For our final National Barbecue Month posting, we wanted to highlight a country that sees barbecue as more than just food, but (like we grill-addicted Americans) as a lifestyle. Just like we use the word “barbecue” to refer to a form of cooking as well as a gathering, braai (pronounced like try) is Afrikaans for the same. As General Motors advertised in the 1970s, Americans have “baseball, hot dogs, [and] apple pie,” and South Africans have “Braaivleis, rugby [and] sunny skies.”Sounds like a pretty good combo to us.
The Flavor Debate
While originally from Portugal, Peri-Peri chilies seem just as synonymous with South African cooking as they do with Portuguese. The Peri-Peri chili is often used in a spicy marinade or rub for braai cooking and is so popular, the South African chain Nando’s (known for its take on PERi-PERi chicken) is ranked #10 in a list of the largest casual dinings chains worldwide. We think they may be on to something tasty and we want a bite.
Braai, Braai Again
Like barbecue picnics in America, a South African braai is a fun way to get friends and family together for conversation, drinks, and most importantly, food. Unlike America though, South Africa has specific rules and customs when it comes to barbecuing and to disregard them is a huge low ‘n slow faux pas. For instance, women are rarely, if ever, in charge of cooking the meat – this is the job of one lone man in the party. Instead past Top Chef competitor, Elizabeth Binder, says women handle the preparation of vegetables, salads and side dishes that will accompany the braai.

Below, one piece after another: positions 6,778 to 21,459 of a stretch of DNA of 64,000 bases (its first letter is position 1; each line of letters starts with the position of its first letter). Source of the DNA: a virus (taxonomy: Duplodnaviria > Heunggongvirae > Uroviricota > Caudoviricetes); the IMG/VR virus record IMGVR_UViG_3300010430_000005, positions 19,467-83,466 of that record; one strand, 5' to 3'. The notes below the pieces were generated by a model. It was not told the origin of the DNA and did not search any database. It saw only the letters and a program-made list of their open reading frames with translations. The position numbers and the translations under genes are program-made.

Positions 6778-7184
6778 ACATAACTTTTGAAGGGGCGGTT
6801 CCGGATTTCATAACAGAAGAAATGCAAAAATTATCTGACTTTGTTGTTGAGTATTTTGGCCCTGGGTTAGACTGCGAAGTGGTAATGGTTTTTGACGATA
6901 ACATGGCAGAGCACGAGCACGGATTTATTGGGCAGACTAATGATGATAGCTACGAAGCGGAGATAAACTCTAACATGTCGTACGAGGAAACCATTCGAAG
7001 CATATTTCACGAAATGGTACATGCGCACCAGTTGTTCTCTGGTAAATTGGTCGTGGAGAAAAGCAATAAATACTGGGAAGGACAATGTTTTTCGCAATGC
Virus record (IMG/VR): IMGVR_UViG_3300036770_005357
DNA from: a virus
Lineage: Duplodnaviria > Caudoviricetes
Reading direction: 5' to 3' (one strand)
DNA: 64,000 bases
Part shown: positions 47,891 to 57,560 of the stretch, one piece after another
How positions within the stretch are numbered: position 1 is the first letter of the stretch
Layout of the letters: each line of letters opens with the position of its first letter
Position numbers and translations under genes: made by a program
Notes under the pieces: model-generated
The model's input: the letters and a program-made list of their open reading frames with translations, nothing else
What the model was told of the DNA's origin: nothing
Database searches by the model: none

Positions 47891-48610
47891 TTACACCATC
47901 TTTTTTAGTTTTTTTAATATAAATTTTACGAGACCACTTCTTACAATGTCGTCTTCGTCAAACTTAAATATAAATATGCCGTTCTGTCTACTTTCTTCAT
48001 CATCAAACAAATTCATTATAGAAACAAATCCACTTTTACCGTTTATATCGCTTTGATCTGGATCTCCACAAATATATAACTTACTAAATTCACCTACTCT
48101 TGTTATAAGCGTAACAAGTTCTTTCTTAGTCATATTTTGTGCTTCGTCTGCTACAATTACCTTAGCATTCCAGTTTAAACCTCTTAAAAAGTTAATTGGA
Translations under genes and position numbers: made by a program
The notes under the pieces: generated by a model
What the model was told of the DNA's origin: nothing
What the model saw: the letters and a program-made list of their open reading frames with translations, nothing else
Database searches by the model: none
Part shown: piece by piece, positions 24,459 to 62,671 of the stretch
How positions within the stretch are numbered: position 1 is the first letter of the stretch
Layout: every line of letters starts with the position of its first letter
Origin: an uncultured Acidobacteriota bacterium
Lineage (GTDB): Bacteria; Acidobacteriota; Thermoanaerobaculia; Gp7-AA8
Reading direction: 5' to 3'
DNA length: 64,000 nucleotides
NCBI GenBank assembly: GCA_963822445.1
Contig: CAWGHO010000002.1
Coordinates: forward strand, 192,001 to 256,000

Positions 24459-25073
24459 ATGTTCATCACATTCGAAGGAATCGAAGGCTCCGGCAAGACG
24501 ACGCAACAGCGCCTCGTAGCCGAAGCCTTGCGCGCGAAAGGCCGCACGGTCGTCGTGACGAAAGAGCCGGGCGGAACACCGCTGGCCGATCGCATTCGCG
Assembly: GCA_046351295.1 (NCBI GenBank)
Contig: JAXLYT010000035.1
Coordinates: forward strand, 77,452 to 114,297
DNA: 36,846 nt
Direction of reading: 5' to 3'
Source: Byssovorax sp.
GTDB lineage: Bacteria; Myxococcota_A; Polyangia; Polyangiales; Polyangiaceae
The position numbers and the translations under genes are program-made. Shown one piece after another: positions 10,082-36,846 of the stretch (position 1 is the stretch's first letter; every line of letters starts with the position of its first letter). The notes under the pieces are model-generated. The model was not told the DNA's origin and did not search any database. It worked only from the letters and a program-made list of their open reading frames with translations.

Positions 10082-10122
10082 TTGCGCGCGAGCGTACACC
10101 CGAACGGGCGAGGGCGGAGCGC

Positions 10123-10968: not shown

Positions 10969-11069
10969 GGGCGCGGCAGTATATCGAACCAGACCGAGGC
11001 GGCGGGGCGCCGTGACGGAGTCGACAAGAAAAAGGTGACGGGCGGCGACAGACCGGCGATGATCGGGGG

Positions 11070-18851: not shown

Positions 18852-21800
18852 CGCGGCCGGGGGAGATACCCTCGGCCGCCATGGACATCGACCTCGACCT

When it comes to types of meat, partakers in braai can expect to be flush with choices. Beef and ostrich steaks, lamb chops, lamb sosaties (skewers), impala, and most popular, boerewors are just a few of the many offerings. Boerewors are thickly coiled meats, also known as farmer’s sausage, and seasoned with herbs and spices such as coriander, nutmeg, and cloves. In coastal regions, fish braais take center stage and include crayfish, sardines, and prawns.
The most traditional braaivleis you find will still be cooked over a wood fire, as it was when it first reached its delicious conception. Why not use your Memphis’ wood pellets to your (added) advantage and invite your friends and family over for a braai not even South Africans can hold a flame to? This recipe utilizes the flavors of South Africa with the awesomeness of New York strip steak, so there is pretty much no way you can go wrong. And if you’re feeling super ambitious, try out the staple South African relish chakalaka too! (If anything, you’ll have fun saying it out loud.)